An Open Letter to Justin Blackmon and Fellow Jags Fans

Friends -

What an exciting weekend! I loved the draft and where we went with it! Bortles, 2 receivers and great steals like Colvin and Storm. Having said that, a consistent topic of discussion was Justin Blackmon's continued suspension due to alcohol and drug abuse. I have read comments ranging from support for Justin to calling him "weak" and "an idiot." Everyone is entitled to their opinion, but I wanted to say the following.

Life is bigger than football. I really feel for Justin Blackmon. I am a recovering addict and alcoholic myself, and know EXACTLY the hell that is addiction. I know the thought process of picking up a drink thinking "I can control it this time" or "this time it will be different." I know that thought of picking up a drink will "make things better" - either add to a good time or dull emotional pain. I am very aware of the intense embarrassment felt after waking up from a blackout, after letting down your friends, your family, your colleagues (or in this case, teammates). I am aware of the thought that no one understands my situation, that I am somehow unique. I have been through all of that. Through not imagining a life without pills or blow or alcohol. But somehow, I sit and write this as a sober, happy, young man. Why am I writing all of this? On the incredibly small chance that Justin happens across this, let me say this: You are not alone. Your experience is not unique. You want to know why you can't stop drinking or using? Why you have the thoughts you do? Why your in so much pain as a result of all this?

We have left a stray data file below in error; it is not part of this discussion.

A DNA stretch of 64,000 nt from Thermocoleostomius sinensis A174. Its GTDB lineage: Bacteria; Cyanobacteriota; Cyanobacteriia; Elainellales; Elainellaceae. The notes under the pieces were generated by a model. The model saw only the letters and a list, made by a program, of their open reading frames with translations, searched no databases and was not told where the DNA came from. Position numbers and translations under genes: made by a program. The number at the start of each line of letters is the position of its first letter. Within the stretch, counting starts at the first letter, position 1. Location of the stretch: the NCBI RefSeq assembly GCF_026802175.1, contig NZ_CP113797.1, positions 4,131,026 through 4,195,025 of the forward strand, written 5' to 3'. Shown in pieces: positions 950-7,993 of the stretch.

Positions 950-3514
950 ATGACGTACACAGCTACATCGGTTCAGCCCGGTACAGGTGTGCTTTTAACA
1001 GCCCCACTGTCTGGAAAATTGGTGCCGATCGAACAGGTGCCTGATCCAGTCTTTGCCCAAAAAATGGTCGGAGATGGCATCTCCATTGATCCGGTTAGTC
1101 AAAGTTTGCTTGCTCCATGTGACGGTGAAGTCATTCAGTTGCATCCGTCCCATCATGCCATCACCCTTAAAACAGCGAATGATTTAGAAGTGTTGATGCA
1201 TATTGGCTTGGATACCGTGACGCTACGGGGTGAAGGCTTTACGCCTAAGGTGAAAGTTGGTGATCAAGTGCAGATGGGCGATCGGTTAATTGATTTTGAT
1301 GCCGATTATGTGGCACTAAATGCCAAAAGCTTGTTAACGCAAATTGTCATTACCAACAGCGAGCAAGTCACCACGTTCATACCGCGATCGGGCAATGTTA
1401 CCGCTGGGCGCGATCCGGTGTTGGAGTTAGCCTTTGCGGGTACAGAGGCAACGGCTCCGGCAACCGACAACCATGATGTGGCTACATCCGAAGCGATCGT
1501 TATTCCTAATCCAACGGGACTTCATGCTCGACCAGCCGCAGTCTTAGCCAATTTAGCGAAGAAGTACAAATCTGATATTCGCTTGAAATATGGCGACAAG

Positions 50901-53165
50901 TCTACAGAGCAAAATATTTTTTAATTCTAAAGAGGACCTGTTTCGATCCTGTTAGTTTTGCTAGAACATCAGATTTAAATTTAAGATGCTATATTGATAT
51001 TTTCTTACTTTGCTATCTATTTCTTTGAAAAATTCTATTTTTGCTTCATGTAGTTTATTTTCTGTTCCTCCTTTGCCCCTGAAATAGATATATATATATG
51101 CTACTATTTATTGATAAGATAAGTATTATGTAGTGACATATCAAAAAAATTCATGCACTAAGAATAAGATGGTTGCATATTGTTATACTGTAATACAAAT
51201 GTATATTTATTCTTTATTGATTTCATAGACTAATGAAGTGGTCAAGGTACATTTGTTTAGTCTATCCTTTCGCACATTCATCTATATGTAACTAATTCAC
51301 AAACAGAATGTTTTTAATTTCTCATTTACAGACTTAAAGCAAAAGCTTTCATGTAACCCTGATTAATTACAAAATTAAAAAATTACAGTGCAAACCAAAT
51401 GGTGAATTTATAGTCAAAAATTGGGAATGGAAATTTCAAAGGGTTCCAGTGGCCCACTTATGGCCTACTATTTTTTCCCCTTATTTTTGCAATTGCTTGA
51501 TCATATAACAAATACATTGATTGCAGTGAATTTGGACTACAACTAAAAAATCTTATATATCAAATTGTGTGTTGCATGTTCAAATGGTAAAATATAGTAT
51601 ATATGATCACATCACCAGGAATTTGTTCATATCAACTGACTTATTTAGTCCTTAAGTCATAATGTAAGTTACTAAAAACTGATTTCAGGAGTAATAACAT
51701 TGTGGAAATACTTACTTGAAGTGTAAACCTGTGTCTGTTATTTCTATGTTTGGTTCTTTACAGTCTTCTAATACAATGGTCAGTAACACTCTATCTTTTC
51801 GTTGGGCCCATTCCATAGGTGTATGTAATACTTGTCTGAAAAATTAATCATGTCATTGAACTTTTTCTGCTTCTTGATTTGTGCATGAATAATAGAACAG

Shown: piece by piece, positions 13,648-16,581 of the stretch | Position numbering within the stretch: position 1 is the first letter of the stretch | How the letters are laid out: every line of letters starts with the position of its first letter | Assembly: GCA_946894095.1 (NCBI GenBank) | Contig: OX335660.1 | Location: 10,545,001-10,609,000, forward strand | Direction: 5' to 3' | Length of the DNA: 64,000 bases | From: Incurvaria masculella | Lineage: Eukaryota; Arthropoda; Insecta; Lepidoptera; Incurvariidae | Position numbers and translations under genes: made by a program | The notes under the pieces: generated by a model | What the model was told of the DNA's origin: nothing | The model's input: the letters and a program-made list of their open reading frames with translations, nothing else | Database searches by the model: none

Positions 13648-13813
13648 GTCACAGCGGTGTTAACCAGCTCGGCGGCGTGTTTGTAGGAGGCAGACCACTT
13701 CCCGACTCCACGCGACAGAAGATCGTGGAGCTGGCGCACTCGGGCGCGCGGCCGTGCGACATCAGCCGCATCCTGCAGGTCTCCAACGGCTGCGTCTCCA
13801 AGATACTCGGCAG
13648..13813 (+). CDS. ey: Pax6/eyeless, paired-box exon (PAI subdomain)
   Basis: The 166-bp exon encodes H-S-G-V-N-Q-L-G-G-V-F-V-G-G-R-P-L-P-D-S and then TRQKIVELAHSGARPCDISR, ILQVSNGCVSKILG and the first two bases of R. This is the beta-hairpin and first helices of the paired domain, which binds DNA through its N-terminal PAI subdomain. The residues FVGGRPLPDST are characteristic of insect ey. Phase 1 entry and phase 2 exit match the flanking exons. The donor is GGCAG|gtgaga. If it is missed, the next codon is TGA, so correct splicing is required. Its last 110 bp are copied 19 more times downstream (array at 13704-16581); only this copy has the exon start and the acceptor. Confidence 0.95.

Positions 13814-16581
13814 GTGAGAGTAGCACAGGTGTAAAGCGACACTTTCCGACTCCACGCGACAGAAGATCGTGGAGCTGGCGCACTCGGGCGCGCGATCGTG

Alcoholism. That's it my friend. Pure and simple.

Its a disease, a defect of the mind and an allergy of the body. Certain types of people can't drink. I fall into that category, and I have a feeling you do as well. But there is good news, brother. You don't HAVE to live like this. SO many people who are recovering alcoholics are successful. CEOs, athletes, everything. Things can get better.

Its not easy, but it is simple. Find an AA meeting. Get a sponsor. Take advice. Be humble. Listen to people who have more time sober than you. Help others. Be of service. Remarkably, at least for me, once I started doing these things, my life drastically improved. I am better brother, son, worker, and person now. Its worth it.

So thats what I wanted to say. I doubt you will ever see these words, but maybe someone will who is struggling with drugs and alcohol like I was. Maybe it will help. Justin, or anyone who relates to what I just described, just know there is a different way.

Good luck.

FanPosts do not necessarily reflect the views of the authors of Big Cat Country or SB Nation.

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